• Scammers posing as a legitimate business may request a P2P payment for a product or service. Once they receive your money, you never receive what you paid for, and they disappear. Treat P2P payments like cash — don’t pay until you receive the product.
  • A scammer “accidentally” sends you money on a P2P service and asks you to send the money back. Never send back the money, and instead contact the P2P service about the error. Criminals’ accounts usually use stolen funds that the P2P payment service will eventually flag as fraud. If you send money back to the scammer, the P2P service could take funds out of your account or hold you responsible.
  • Scammers will connect a stolen credit card to a payment app then look for people selling big ticket items (such as a computer, tablet, or car) online. The scammers will offer to pay for the product using the app. Once the seller accepts the payment and sends the item, they’ll soon discover that the payment sent is not to a legitimate buyer, and the money collected is removed from their account. The seller is then without either the item or the money.
  • Fraudsters may try to convince you that you’ve been paid more than you were owed. For example, a spoofed email says that you’ve been paid $3,000 for a camera you listed at $300! The sender asks you to ship the camera in addition to the extra $2,700 you were “paid” by mistake. In this example, the scammer wants your camera and your money. In another version of this scheme, scammers overpay for items with a stolen credit card.
  • Fraudsters send spoofed emails warning that an account is about to be suspended and that the account holder must enter their password on a spoofed webpage. Generally, payment app vendors will never ask you to enter your password unless you are on the login page. Scammers ask for fake charitable donations using P2P apps.  Before donating using a P2P app, always check the charity’s website to verify that they accept donations through that app.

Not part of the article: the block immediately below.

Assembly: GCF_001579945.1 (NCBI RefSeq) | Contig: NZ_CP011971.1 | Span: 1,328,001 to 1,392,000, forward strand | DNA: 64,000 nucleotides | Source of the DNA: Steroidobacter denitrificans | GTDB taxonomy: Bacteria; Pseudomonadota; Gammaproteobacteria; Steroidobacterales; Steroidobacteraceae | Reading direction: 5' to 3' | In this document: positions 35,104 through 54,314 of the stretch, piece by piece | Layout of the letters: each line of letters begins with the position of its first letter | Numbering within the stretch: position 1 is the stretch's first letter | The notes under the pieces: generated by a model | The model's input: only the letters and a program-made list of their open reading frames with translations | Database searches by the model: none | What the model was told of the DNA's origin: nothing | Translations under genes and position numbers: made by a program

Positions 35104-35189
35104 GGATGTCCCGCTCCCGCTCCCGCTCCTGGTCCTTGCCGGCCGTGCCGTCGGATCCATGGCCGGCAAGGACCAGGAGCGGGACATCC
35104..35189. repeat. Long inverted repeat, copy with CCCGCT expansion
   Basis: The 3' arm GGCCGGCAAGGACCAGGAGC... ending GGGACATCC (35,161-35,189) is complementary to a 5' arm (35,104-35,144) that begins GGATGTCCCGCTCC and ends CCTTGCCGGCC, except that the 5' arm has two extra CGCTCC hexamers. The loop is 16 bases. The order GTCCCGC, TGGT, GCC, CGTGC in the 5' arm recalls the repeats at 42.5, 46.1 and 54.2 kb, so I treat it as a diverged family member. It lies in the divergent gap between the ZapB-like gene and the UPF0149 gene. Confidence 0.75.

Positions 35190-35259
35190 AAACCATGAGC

Privacy and Security:

It is important to know about privacy settings on any app.   When you download apps, they often ask for permission to access your personal information like contacts, location, and your camera.  They may need this information to make the app work, but they also may share this information with third-party companies or use it for internal marketing purposes.  With P2P apps, your personal data acts as its own currency.  

Security tips to help protect yourself when using P2P systems:

  • Review the terms and conditions of the P2P payment provider’s service.
  • Review the app’s fraud protection policies and understand whether and how you can recover funds if a problem arises.
  • Link your money transfer app to a credit card rather than a debit card or your bank account. A credit card provides added protection in case you do not receive the goods or services that you have purchased.
  • Most P2P apps don’t let you cancel a transaction once completed.  It is best to send money only to people and vendors you know and trust.
  • Set up your account to require a PIN or fingerprint/face ID before completing a transaction.
  • Set up notifications so you’re alerted each time a transaction is made
  • Don’t use P2P services to purchase products online
  • Always double-check and confirm the recipient’s ID before sending payment. 
  • Be wary of any business that only accepts P2P payments

If you think you are a victim of a scam involving peer-to-peer payment apps you can file a complaint with the Federal Trade Commission.  For concerns about P2P services, contact the Consumer Financial Protection Bureau.